There's a better approach to public safety
I've worked for over twenty years as a nurse caring for the most vulnerable in our society. I follow the American Nurses Code of Ethics, which states that "nursing is committed to the welfare of the sick, injured and vulnerable in society." That is why I first ran for office in 2018 and why I am running for re-election.
My opponent, Kelly Sloop, wrote an opinion piece in which she claimed authorship of a plan that she may believe serves her personal political needs, but is deeply irresponsible. In a time of crisis and uncertainty, she proposes ripping important state funds from communities under the slogan "Defund Portlandia," punishing working Oregonians by taking away support families need during a healthcare and economic crisis. This is not how we keep each other safe and support our communities in a crisis.
Let me be clear: I support people's right to peaceful protest, especially in the cause of addressing systemic racism. I believe Black Lives Matter, and am honestly stunned that people would object to that simple statement of values. But I have also been clear that I oppose the violence we have seen on the streets of Portland. You may hear that I want to "defund our police." This is simply not true, just ask local law enforcement officials who have endorsed my campaign like former Tualatin Police Chief, Steve Winegar, Former Multnomah County Deputy Robert Ward, and Clackamas County District Attorney Elect John Wentworth. I want police departments in our communities to have what they need to serve and protect. It's why I supported a bill that requires law enforcement agencies to establish mental health wellness for officers and why I will fight to invest in mental health crisis intervention programs to ensure public safety for all.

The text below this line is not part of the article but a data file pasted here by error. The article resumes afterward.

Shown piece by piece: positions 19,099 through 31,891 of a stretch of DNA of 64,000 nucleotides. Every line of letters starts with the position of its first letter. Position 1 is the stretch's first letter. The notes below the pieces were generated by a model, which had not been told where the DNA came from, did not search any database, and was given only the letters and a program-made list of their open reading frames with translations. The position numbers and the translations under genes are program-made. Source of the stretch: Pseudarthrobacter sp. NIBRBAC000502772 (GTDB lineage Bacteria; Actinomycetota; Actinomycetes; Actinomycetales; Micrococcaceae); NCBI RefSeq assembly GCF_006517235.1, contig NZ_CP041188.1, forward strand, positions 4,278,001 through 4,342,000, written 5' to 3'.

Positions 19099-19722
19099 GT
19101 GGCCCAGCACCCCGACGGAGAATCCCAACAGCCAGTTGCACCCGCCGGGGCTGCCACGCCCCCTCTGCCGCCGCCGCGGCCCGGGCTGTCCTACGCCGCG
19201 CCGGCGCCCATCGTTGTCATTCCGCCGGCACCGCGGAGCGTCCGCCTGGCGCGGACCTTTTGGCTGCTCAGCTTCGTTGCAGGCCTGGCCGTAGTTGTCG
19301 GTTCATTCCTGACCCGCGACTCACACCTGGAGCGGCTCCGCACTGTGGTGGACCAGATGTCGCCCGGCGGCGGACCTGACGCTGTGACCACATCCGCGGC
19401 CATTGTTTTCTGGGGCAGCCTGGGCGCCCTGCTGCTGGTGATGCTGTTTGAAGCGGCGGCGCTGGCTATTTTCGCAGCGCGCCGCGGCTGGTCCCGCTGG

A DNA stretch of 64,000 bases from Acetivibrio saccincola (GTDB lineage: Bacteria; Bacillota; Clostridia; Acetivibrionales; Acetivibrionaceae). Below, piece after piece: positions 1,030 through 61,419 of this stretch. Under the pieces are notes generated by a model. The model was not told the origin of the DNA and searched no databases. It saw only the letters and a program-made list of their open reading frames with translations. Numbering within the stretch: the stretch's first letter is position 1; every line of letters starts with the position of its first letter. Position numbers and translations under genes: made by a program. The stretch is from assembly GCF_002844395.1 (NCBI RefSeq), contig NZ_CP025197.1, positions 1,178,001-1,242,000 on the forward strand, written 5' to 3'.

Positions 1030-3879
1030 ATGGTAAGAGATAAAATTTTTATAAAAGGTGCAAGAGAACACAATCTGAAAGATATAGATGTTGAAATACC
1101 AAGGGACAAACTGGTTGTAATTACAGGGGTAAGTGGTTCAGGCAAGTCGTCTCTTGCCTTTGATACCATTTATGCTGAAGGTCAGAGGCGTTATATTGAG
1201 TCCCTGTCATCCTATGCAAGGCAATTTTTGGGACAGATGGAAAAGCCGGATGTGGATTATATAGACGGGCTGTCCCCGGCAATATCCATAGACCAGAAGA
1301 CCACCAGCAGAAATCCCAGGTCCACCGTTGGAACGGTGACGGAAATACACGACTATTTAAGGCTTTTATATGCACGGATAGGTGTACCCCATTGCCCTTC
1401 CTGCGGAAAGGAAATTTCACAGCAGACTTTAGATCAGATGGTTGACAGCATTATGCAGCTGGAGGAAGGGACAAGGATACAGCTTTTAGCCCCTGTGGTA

As a state representative, Oregonian's health and safety is my top priority. As we look around us and see smoke covering the state, and fires forcing thousands of people to evacuate their homes, it is clear the fight to protect the environment is more important than ever, and we must pass legislation to mitigate our climate crisis, protect Oregon from wildfires, and fight for clean air and water. My voting history around this issue is why the firefighters and environmental groups support my re-election. We don't know the scope of the losses from the fires yet, but I do know it is our duty as leaders to support the families impacted.
Our families are safer when we support each other. It's why I'm fighting to make sure every family and small business is supported as we recover from this pandemic, so no one gets left behind, especially frontline workers, families, seniors, and small businesses. It's why I fought for residents and workers at long term care facilities to have access to COVID-19 testing. It's why I voted to protect families from eviction and foreclosure during the crisis and why I am working tirelessly to get every person the unemployment benefits they are owed.
We can't discuss safety without highlighting the dehumanization of black and brown communities that has caused more pain and suffering than we can fully quantify. I have seen in my career as a nurse the slow motion violence of systemic racism that eats away at the health of individuals and families. That is why I have supported policies that require healthcare providers to have training in cultural competency, strengthen hate crime laws, and pass police accountability legislation. There is so much more left to do. Taking away state support from our cities, as my opponent proposes, would obstruct the urgent work needed.
Oregonians are facing multiple public health threats; wildfires, a global pandemic, and racial inequities. We need leaders in Salem who will bring us together to solve these problems, not endanger our public's safety or their health by denying public services to those in need.
Rachel Prusak represents District 37 at the Oregon Legislature.
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